Anchor, float or abandon ship: exchange rate regimes for the accession countries
The paper considers alternative exchange rate regimes for the East Europeanaccession candidates, both prior to EU accession and following EU accession but prior to EMU membership. We conclude that, from an economic point of view, EMU membership should be as early as possible. There is, however, a risk that prevailing interpretations of the inflation and exchange rate criteria for EMU membership could lead to unnecessary delays in EMU membership for the accession countries. Theexchange rate criterion for EMU membership requires that the candidate "has respected the normal fluctuation margins provided for by the exchange ratemechanism of the European Monetary System without severe tensions for at least the last two yeas before the examination." Both this text and the precedents of Finland, Italy and Greece, support the view that the exchange rate criterion can be satisfied without two years of formal ERMII membership. Insistence on at least two years of formal ERMII membership for the accession countries, would result in an unnecessary, costly and potentially risky stay in EMU purgatory.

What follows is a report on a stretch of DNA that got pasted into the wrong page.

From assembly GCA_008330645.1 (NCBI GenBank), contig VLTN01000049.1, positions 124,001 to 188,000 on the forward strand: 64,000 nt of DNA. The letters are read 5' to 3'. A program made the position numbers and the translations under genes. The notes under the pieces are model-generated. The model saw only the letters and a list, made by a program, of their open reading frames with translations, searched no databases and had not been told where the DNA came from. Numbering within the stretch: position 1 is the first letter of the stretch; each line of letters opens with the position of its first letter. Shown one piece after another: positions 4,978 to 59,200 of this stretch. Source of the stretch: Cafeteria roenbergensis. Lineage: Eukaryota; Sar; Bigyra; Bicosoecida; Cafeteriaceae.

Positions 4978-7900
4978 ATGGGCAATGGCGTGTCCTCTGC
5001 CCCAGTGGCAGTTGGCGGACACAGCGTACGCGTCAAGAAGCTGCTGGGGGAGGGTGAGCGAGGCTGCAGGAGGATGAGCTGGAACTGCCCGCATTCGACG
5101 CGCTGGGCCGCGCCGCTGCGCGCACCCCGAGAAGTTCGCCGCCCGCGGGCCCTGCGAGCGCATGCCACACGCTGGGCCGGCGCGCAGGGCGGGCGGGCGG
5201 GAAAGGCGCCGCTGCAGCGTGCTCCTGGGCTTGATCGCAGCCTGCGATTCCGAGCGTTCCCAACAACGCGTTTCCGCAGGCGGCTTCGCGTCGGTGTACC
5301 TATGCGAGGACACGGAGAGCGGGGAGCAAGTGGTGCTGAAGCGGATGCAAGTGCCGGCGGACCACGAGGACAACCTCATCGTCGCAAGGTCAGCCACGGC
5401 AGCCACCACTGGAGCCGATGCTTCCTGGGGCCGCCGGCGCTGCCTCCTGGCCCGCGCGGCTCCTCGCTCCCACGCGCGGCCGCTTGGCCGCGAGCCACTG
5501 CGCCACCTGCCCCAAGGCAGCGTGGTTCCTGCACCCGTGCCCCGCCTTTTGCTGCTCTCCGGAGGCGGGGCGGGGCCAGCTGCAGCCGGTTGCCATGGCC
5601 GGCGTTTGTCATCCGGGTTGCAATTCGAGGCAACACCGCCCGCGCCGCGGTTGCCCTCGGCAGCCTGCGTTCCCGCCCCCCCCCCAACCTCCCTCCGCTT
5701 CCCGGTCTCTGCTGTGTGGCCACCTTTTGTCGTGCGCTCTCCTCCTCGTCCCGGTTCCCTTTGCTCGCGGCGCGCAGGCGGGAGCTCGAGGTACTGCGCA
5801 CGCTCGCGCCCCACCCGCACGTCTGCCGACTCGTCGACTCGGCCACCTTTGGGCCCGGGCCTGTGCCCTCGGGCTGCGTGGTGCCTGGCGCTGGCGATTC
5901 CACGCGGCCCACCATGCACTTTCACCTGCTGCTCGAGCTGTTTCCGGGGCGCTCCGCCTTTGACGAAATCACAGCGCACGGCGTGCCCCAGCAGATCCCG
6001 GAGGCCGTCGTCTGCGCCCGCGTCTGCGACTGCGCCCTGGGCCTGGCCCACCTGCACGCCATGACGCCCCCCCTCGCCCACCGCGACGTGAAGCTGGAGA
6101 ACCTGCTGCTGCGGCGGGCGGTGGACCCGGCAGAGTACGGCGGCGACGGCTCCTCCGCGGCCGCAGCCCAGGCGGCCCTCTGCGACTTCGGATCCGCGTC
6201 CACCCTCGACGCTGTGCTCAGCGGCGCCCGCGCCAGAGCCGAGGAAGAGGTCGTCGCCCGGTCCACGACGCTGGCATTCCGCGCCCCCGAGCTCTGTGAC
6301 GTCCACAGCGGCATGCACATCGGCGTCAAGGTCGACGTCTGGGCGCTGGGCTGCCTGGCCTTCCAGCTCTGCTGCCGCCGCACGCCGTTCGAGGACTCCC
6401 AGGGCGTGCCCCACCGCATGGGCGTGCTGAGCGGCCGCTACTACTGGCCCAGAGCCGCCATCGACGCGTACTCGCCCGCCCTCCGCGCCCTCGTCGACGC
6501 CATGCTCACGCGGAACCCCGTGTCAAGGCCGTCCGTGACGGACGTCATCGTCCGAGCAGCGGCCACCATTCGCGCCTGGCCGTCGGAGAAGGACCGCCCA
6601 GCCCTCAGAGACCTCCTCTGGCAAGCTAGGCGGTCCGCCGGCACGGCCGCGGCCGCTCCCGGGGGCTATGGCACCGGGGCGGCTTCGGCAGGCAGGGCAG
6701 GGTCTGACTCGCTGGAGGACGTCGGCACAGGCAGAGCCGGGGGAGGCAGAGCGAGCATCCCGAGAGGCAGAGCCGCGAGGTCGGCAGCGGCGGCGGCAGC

References listed on IDEAS
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- Willem Buiter & Clemens Grafe, 2001.
"Central Banking and the Choice of Currency Regime in Accession Countries,"
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